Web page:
Dinesh D’Souza and Andrew Sullivan: Both Miserably Wrong

By now, dear reader, you have likely heard about the brouhaha Dinesh D’Souza’s latest tome has fomented. Mr. D’Souza, a veteran right-wing culture warrior, wrote The Enemy at Home a silly screed that blames the American Left entirely for 9/11.

Although this thesis naturally enraged many of our pals on the political Left, sundry conservatives also found Mr. D’Souza’s book wanting–to say the least. For, throughout his book, Mr. D’Souza consistently apologizes for Islamist terrorism. His “Jimmy Carter Made Us Do It” line of argument appallingly lets al Qaeda off the hook for its evil. Accordingly, numerous right-leaning outfits–National Review, The New Criterion, Powerline–have proved distinctly hostile to Mr. D’Souza’s pontifications.

Enter Andrew Sullivan. In the pages of the newly expanded New Republic, Mr. Sullivan offered a longish review of Mr. D’Souza’s latest opus. And this review is instructive not because it presents numerous reasons to distrust Mr. D’Souza’s conclusions (any child could provide that), but rather because it demonstrates the ways in which Mr. Sullivan’s preoccupations hamper his ability to write an honest reflection on American conservatism.

Having declared at the outset that “American conservatism is in crisis,” Mr. Sullivan goes on to argue that Mr. D’Souza’s book is a logical outgrowth of so-called theoconservatism. Mr. D’Souza believes that American social conservatives ought to make common cause with radical Islamists, and Mr. Sullivan perceives that this is an entirely natural view for theoconservatives. After all, both groups dislike gay marriage, abortion, and pornography, and so they’re (abracadabra!) a natural fit.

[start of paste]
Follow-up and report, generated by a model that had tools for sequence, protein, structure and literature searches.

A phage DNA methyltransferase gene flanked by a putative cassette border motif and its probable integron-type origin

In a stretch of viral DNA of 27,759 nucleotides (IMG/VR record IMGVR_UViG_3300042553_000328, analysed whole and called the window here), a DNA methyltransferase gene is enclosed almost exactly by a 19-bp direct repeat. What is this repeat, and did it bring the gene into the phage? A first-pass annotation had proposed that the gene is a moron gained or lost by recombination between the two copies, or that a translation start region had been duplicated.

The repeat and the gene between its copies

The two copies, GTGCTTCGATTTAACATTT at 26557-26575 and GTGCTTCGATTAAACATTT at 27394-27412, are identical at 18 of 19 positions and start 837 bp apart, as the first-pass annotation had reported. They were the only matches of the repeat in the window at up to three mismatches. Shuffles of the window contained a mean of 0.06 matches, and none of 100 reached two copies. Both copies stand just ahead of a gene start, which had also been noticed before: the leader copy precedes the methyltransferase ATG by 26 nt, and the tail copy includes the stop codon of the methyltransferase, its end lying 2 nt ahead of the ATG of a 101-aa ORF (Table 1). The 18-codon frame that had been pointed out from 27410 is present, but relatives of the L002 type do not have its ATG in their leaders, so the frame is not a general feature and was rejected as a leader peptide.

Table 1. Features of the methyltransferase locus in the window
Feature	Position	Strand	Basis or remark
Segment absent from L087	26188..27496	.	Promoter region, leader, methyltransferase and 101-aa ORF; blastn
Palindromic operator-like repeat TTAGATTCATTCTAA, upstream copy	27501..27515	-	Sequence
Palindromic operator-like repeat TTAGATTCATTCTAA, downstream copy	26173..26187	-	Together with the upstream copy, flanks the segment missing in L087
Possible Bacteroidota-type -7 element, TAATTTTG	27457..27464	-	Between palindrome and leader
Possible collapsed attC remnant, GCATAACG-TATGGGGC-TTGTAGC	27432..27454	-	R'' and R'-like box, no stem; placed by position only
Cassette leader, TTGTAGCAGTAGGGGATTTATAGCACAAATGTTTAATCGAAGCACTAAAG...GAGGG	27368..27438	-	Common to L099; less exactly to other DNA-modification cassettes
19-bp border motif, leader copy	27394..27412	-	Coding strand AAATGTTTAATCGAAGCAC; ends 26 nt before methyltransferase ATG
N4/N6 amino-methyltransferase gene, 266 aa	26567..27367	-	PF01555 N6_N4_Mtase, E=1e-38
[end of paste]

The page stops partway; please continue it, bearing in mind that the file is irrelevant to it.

Accordingly, Mr. Sullivan labels the conservative criticism of The Enemy at Home “libertarian.” To him, the right-wingers who have excoriated Mr. D’Souza’s polemic hail from the Cato Institute end of the political spectrum and that’s the only reason why they’re bothered by his book.

But this is nonsense–and Andrew Sullivan must know it. Just take two of the most prominent (and vociferous) critics of Mr. D’Souza’a book: Roger Kimball and Victor Davis Hanson.

Mr. Kimball, the co-editor of The New Criterion, is himself a veteran culture warrior. As even a cursory examination of his writing would suggest, he’s no libertarian. Ditto Victor Davis Hanson, a man whose criticisms of liberals have often dwelled on moral matters.

It seems clear, in fact, that Mr. Sullivan must label such thinkers “libertarians” merely to suit his own polemical purposes. Mr. Sullivan, that is to say, needs to make his reader believe that theoconservatism is the American corollary to Islamic fascism. In short, he needs to make Dinesh D’Souza’s argument seem attractive to social conservatives so that he can demonize them as Christian jihadists (or, as Mr. Sullivan calls them, in a foolish neologism, Christianists).

Why does he want to do this? For one reason and one reason only: Theoconservative hostility to gay marriage. To Mr. Sullivan, theoconservatives and Islamists are both evil because they both oppose gay marriage. Thus there is nary a difference between them.

This, of course, is arrant nonsense. If you can’t tell the difference between Fr. Richard John Neuhaus and Osama bin Laden, you have some real problems.

Pace Andrew Sullivan, Dinesh D’Souza’s thesis in The Enemy at Home is not a logical outgrowth of social conservatism. That’s much like saying that Louis Farrakhan’s view of American foreign policy is a logical outgrowth of liberalism.

Just because American liberals have qualms with aspects of America’s post-9/11 foreign policy doesn’t mean that they all should logically pine for a US defeat in the War on Terrorism. Similarly, just because American conservatives have qualms with aspects of contemporary American culture doesn’t mean that they all should logically pine to make common cause with al Qaeda.

This should be glaringly obvious to the average third-grader. Shame on Andrew Sullivan for allowing his own preoccupations to distort so violently his view of reality.

(Note: The crack young staff normally “weblog” at “The Hatemonger’s Quarterly,” where they are currently wondering whether Andrew Sullivan would argue that Michael Scheuer’s blame-everything-on-Israel attitude is a “logical outgrowth” of American liberalism.)

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